- Two of the most important areas to evaluate at this midpoint of the year are raising interest rates and the weakness of global stock markets.
- Most regions of the world have been impacted by slowing economic growth in emerging markets and China, and increasing concerns that an ambitious program by Japan to stimulate their economy could cause currency instability between countries.
- While it is uncertain if this may be a temporary pause, or the start of a more significant decline, we have entered a time when risk management is probably as important as it was back in 2006 and 2007.
2013 has been strong for the U.S. stock market as fears of a Fiscal Cliff and Government Sequester did not turn out to have the negative impact that many people had feared. However, most other asset classes have experienced a much more sobering performance profile so far this year, and could be sounding warning signs for our stock market.
Two of the most important areas to evaluate at this midpoint of the year are raising interest rates and the weakness of global stock markets. Interest rates have been kept low by the Federal Reserve through policy and through bond purchases which are designed to lower rates on longer-term bonds where their rates are typically set by market forces and expectations of inflation and economic growth.
These purchases of longer-term bonds are expected to reduce borrowing costs for home mortgages and corporations borrowing money, all of which should be stimulus to the overall economy. These policies have brought down interest rates to very low levels relative to inflation and at some point they will revert to more normal levels. We have been seeing a modest upward drift in interest rates over the past year, but over the past couple of months, the trend moved from drifting to spiking higher as the yield on 10-year Treasury bonds moved from 1.66% on May 1st to 2.73% on July 5th on concerns that the Federal Reserve was nearing an end to its current bond buying program (1). The result has been a sharp decline for most bond investors, particularly for those holding treasury bonds. Returns for the various bond asset classes are as follows:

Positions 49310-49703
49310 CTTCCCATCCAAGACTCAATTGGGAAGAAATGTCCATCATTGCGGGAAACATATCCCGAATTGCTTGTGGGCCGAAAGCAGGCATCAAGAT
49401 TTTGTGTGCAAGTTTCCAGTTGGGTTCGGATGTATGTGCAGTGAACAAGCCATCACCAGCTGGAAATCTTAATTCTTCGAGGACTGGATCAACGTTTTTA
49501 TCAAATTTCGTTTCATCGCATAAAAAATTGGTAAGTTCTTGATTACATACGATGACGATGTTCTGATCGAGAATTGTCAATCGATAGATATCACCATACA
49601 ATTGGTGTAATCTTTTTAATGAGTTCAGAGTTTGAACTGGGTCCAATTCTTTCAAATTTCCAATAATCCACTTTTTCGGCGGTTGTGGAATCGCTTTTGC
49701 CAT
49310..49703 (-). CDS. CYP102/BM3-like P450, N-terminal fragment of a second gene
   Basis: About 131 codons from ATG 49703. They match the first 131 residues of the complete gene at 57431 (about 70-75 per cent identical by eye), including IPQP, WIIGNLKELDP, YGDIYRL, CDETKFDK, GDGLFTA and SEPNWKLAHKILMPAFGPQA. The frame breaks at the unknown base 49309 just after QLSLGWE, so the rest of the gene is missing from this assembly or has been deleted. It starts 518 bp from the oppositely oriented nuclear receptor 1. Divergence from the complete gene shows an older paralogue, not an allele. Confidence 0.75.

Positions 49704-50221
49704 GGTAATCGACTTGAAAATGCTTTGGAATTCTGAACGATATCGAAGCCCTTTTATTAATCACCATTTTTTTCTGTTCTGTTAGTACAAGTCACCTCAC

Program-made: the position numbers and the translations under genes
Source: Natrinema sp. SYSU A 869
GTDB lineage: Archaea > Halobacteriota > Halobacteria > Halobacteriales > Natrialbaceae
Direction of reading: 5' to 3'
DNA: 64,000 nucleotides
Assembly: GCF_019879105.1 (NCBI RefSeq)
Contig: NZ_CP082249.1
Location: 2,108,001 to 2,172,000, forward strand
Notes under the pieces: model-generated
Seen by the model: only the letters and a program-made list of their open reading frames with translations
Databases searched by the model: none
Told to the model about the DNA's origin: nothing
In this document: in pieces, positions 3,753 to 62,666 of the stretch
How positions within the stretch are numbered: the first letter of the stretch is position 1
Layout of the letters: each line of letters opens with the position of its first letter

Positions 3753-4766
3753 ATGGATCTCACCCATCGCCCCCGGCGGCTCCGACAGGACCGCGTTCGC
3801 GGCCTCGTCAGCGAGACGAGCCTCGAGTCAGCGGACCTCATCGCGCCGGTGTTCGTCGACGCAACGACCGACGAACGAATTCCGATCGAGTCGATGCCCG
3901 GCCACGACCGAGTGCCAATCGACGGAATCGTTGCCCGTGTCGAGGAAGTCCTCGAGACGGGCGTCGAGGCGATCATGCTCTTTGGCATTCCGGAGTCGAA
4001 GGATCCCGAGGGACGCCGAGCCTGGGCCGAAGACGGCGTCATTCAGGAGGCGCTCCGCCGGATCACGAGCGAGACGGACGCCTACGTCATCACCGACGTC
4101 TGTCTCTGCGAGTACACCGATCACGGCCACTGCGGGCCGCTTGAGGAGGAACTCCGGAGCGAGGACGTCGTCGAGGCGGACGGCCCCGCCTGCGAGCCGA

Long-Term Treasury Bonds -7.84%
Intermediate-Term Treasury Bonds -4.02%
Treasury Inflation Protected Bonds -7.21%
Aggregate Bond -2.54%
High Yield Corporate Bond -.09%
Bank Loan 1.39%
Source: NYSE Arca
Needless to say, the rise in interest rates has caused our income-oriented programs to become much more defensive, and we are currently holding significant amounts of cash. In addition, we have added positions in adjustable-rate bonds and inverse bond funds in some of these programs currently. In the June market commentary I discussed our expected response to rising interest rates, and if you did not have a chance to read it, it can be found on our website under the “Market Insights” tab. I will just follow up by saying that while the increase in interest rates causes us to hold more defensive positions which typically pay us little or no interest while we wait. However, it typically does give us the opportunity to come back into markets and buy investments at more attractive interest rates and prices, and I would expect to see some of these opportunities over the coming months. In regard to the impact of rising interest rates on the stock market, historically, rising interest rates have been a negative for stocks. However, with rates moving up from such low levels it is unlikely the current rise in interest rates will become a significant issue for the stock market unless rates move back above historical ranges relative to inflation.